County Using Dog To Sniff Out Agricultural Pests

(April 7) The county department of agriculture is using a dog to detect pests and restricted plants at parcel reception/shipping centers and the county’s agricultural inspection station in Yermo.
Last year, the board of supervisors approved continuing a program that involved a two-dog team to  perform pest surveillance inspections at parcel shipping centers using canines to detect the presence of any unwanted pests or plant material in unmarked parcels entering the State of California. The state had made revenue in the amount of $275,000 available to the county to defray the cost of the program.
However, according to former San Bernardino County Agricultural Commissioner John D. Gardner, in August 2014 the  agreement put in place between the state and the county specifies the lower amount of $182,128 “due to the recent discontinuance of one detector dog team due to an injury/illness of the canine.”
This week the board of supervisors voted to accept from the state additional funding of $8,500, bringing the cost of the program running during the period of July 1, 2014 through June 30, 2015 to an amount not to exceed $190,628.
The request for that additional funding was made by the county’s new agricultural commissioner, Roberta Willhite.
“Once a pest or plant is located within a package, the plants are inspected and if a pest or disease symptoms are observed; the samples/specimens are submitted to the CDFA Plant Pest Diagnostic Laboratory for identification. Upon confirmation of a non-native harmful species, or materials proscribed by quarantine regulation, the plants are returned to the shipper or destroyed. Canines have been utilized with great success to detect plant materials in unmarked parcels. These inspections deter the spread of plant pests, diseases or other harmful organisms that may pose a threat to California’s environment and agricultural industry and the economic well-being of the state.”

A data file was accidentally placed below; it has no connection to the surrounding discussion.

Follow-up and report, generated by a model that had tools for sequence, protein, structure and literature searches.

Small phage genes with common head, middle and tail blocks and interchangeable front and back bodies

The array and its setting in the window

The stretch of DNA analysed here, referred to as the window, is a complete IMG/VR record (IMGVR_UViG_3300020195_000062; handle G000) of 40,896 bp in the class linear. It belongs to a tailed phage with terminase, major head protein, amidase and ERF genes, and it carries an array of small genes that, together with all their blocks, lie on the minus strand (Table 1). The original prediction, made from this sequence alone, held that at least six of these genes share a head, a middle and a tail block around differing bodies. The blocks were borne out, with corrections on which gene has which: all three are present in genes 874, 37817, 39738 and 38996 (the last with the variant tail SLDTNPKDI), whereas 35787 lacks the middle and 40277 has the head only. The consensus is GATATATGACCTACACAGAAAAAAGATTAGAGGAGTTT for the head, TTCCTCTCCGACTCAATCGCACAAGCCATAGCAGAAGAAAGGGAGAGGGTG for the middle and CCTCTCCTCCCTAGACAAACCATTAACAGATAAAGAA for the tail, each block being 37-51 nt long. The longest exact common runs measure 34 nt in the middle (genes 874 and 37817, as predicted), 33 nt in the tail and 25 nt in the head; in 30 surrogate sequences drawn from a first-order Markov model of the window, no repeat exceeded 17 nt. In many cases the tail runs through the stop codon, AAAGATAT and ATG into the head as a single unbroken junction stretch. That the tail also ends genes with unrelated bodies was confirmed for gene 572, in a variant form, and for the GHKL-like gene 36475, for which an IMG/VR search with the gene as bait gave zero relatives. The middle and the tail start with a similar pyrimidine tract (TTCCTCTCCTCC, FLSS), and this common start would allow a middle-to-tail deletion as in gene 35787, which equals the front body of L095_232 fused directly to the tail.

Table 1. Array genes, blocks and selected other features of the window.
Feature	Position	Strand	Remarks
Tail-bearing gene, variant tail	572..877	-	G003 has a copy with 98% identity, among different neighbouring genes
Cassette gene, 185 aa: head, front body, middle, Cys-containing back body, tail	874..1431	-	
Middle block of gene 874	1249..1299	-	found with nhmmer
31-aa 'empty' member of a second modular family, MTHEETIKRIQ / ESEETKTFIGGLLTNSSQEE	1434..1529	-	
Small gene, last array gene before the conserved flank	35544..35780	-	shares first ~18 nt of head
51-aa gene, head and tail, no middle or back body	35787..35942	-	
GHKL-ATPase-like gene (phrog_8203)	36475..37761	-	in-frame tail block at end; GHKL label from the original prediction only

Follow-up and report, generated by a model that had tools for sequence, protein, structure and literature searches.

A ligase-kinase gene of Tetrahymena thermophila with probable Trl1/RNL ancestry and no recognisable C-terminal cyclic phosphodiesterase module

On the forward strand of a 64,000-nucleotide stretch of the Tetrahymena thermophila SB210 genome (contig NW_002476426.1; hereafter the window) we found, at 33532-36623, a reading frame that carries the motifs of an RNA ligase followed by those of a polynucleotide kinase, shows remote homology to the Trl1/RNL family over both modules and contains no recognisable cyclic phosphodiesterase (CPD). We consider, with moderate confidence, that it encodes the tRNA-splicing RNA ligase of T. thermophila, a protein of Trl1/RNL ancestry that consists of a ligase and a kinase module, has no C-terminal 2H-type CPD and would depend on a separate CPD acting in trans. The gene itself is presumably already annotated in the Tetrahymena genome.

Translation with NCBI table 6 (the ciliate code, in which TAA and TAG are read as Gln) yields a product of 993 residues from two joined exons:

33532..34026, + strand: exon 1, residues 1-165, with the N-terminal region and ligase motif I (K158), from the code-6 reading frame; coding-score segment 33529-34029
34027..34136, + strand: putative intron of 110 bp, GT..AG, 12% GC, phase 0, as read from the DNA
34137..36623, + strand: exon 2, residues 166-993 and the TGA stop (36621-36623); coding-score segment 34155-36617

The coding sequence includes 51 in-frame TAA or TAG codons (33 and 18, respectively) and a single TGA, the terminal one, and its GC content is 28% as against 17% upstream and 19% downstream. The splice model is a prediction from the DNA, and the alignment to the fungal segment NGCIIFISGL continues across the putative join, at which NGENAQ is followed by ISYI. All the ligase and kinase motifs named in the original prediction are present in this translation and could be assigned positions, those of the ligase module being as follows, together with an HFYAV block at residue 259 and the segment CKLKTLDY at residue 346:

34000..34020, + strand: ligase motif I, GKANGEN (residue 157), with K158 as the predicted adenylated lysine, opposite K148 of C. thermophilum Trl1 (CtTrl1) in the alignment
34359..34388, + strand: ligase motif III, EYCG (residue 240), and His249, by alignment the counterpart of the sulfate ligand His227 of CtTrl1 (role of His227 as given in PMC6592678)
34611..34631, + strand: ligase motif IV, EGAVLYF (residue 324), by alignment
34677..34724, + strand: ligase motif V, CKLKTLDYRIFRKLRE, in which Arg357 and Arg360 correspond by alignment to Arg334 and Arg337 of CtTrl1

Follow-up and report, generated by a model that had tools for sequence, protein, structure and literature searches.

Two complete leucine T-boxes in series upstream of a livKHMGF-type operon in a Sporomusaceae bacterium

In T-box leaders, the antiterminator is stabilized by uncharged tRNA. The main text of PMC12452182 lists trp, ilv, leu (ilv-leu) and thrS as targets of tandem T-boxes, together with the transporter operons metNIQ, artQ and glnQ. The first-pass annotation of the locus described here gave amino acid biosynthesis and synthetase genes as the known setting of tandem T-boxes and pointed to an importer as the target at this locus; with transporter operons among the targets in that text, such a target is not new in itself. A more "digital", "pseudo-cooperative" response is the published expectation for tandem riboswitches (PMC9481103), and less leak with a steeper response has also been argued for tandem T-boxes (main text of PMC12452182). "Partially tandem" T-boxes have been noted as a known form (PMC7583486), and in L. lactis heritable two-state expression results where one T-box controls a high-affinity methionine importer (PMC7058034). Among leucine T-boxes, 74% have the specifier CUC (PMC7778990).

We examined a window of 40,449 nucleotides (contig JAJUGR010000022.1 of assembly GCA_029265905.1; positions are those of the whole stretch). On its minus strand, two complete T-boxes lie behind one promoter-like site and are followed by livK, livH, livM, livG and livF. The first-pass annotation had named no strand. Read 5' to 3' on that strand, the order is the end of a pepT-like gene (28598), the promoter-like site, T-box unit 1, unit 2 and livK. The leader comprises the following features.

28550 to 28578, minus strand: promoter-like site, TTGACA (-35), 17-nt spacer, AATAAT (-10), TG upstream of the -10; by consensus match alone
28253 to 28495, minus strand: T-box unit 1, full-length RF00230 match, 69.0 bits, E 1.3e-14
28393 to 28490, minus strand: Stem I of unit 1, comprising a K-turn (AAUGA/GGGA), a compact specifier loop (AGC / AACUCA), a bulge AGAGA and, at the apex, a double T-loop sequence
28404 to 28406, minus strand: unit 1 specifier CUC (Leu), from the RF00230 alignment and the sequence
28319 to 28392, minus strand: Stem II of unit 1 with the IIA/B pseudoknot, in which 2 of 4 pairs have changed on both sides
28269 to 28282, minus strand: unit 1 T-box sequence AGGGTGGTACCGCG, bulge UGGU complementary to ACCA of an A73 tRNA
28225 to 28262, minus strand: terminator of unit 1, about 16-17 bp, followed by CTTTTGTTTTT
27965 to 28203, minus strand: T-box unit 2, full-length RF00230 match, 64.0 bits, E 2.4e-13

The agreement for these inspection services was first authorized by the board of supervisors in 2006, and it has been renewed on an annual basis thereafter. San Bernardino County is down to a single pest inspection canine because the state had insufficient funds available in 2014-15 to provide for the acquisition and training  of a replacement detector dog team.
The original $182,128 provided to the county by the state was earmarked for reimbursement of staffing costs based on an established hourly salary and benefit rate for employees assigned to the program, canine care, and operating expenses. This week’s amendment to that contract was intended to compensate the agricultural department for an increase in veterinary care and boarding expenses.

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